This truly was a bizarre time when looked at from our modern perspectives. With the exception of Jews, there was an absolutism about the Christian outlook on the world, and the church was the establishment. In enforcing Church doctrine, pressure was exerted on society at many levels. There was a constant presence of the clergy in people’s everyday lives, and a collective demand to attend church, to confess sins, and to take part in Christian rituals.
One such ritual is the Eucharist, in which bread and wine are consumed at a mass to commemorate the last supper of Jesus. During this process, through the workings of God, the bread and wine supposedly become the literal body and blood of Jesus Christ, despite not changing in appearance at all, in a process known as transubstantiation. Even though this was a time when superstitious belief and illogical understandings of things were rife, debate raged as to whether or not this process of transubstantiation was real. Miraculous stories about sacraments doing weird things, like spontaneously bleeding or avoiding calamity, began to circulate throughout all of Europe, including the Low Countries.
The miraculous fireproof bread. Unknown, Processievaandel, 1555, Amsterdam Museum © Amsterdam Museum
One miracle that had very far-reaching consequences happened in Holland on the 16th of March, 1345. The town of Amsterdam had been slowly but steadily growing, but was still basically a fishing village. On that night, an old man lay at his deathbed and, when it looked like his final hours were upon him a priest was called for to hear his confession and to administer the eucharist. So sick was the man, however, that he could not stomach the wafer and proceeded to vomit it up all over himself. The nun tending to him in his hour of need went about cleaning him up and picking up the soggy wafer, which was clearly in need of replacement, threw it in the flames that were flickering in the fireplace behind her. She turned back to the old man, but something caught her eye, and slowly she turned back in the direction of the fire. There, unburnt by the heat of the flames, and levitating freely above them, was the eucharist, the body of Christ. A miracle! The miracle turned the village into a pilgrimage destination and within 100 years Amsterdam’s population had trebled, putting it firmly on the path to prosperity.
The Black Death
In 1347, twelve Genoese trading galleys, bringing goods from the Crimea to Sicily had also brought with them something called Yersinius Pestis, a bacteria that would become known to history as the Black Death. Originating in central Asia, it had been carried by fleas hitch-hiking on and feeding off the backs of infected rodents who had made their way onto ships.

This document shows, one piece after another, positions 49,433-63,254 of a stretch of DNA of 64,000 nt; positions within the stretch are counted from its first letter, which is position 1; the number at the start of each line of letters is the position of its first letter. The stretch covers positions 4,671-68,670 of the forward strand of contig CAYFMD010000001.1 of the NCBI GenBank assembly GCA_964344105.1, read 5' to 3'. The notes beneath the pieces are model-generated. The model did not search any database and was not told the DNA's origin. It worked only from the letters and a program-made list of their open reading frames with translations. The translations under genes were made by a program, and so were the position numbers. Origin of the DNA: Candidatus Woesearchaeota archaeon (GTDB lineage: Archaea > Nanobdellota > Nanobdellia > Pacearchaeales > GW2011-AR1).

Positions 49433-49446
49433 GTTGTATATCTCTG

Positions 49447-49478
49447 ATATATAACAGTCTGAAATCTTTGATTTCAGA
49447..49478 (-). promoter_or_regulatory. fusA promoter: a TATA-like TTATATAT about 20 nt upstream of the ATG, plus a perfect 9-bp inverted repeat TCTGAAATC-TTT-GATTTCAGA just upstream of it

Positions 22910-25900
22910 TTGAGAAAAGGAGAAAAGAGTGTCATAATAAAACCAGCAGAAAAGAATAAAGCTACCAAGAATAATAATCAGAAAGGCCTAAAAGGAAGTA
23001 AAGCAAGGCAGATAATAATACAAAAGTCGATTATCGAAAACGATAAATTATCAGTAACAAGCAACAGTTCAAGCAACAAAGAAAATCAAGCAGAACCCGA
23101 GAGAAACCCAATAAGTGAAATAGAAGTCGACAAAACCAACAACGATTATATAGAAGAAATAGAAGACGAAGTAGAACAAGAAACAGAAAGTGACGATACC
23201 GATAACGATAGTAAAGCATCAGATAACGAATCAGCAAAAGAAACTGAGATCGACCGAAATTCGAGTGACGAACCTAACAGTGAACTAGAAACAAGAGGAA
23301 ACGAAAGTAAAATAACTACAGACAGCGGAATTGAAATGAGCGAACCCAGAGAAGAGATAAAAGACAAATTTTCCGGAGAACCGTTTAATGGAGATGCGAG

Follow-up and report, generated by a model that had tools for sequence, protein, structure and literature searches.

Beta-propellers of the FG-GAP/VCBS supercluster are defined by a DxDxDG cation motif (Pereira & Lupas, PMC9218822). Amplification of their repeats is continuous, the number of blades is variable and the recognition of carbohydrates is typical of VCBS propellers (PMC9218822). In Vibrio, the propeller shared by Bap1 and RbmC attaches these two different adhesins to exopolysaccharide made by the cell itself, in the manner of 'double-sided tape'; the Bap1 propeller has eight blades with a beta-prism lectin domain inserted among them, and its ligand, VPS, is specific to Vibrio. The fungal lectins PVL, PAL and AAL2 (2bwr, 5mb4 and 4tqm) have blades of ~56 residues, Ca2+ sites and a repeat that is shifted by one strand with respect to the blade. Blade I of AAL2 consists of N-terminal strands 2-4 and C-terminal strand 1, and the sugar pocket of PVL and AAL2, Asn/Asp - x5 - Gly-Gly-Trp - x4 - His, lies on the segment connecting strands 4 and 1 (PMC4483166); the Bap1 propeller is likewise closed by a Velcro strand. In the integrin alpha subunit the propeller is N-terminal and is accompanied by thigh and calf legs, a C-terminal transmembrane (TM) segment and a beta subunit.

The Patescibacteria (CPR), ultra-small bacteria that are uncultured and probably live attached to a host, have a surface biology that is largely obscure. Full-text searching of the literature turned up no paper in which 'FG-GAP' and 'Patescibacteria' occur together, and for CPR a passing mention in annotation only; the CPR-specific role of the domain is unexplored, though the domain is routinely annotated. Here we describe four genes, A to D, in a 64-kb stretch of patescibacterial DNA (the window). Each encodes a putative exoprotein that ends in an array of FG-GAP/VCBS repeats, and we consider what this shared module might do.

People began to wake up with pustulent sores in their groin area or their armpits, sometimes as big as apples, and also little black spots, probably the markings of the flea bites. Within two to seven days these people had been wrought with fever, and were vomiting blood, before ultimately succumbing. From Sicily, to Venice, up Central and Eastern Europe, to Spain, France, the German cities on the Rhine, and then the Low Countries and to the British Isles; the Black Death ended up killing at least one-third and possibly more than half of the entire Western European population within five years. Soon, given the movement of ships and medieval lack-of-knowledge concerning hygiene and pestilence, the disease followed the rumours. By 1349 it had arrived in the upper Rhine area, and by 1350 in the Low Countries and nobody knew what it was or what caused it. Quite simply, though, the apocalypse was here; the end-of-times.
Jews being burned at the stake. Woodcut from the Nuremberg Chronicle by Hartmann Schedel, 1493 © Meisterdruke.uk
As the plague made its way down the Rhine Valley, and even before the first victims perished in places like Brabant, Jews began to pay the price for it in the southern Low Countries, being blamed for the calamity that was descending upon them all. Pogroms erupted in which Jews were rounded up and burned at the stake, or drowned, or butchered violently. There was an emergence of a social narrative that Jews had caused the Black Death by poisoning wells with concoctions derived from baby-blood and spiders. There were also contemporary people who noticed that, in fact, getting rid of Jews was a way of getting rid of debt, as well as taking possession of their wealth. The eruption of the plague had simply given an external reason for this to occur.
Following their demise during the Black Death, Jews once more came to live in Guelders in the 1370s. Between 1377 and 1397 various Jews were given what is referred to as a Jew pass, allowing them to live in towns in Guelders, but with limitations on things like the amount of interest they could charge and also what avenues were and were not open to them should they have charges brought against them by Christians. By the early 1400s, the tendency of the Dukes of Guelders was a liberalism towards Jewish settlement there, and policies continued in such a vein.
Jews from here on would remain present in the Low Countries - most prominently in Guelders. The reason we decided to dedicate an episode to the especially tragic lot of Jews in this awful period is to highlight the fact there was not a homogeneity of population in these times, which can often become a default perspective on societies in the Middle Ages. Across the Low Countries, as we move into the 15th and 16th centuries, things are going to accelerate towards a ludicrous speed of development; vast changes in population, governance, economics, industry and trade are going to come crashing through in the way that the North Sea was wont to do. Throughout it all, the Jewish presence in the Low Countries is going to have a huge impact on these developments, to the extent that within a few hundred years the Netherlands would arguably become the most tolerant and liberal place for Jews in the world.
- Black Death, Robert S. Gottfried
- In the Wake of the Plague, Norman F. Cantor
- History of the Jews in the Netherlands, Blom, Fuks-Mansfeld and Schöffer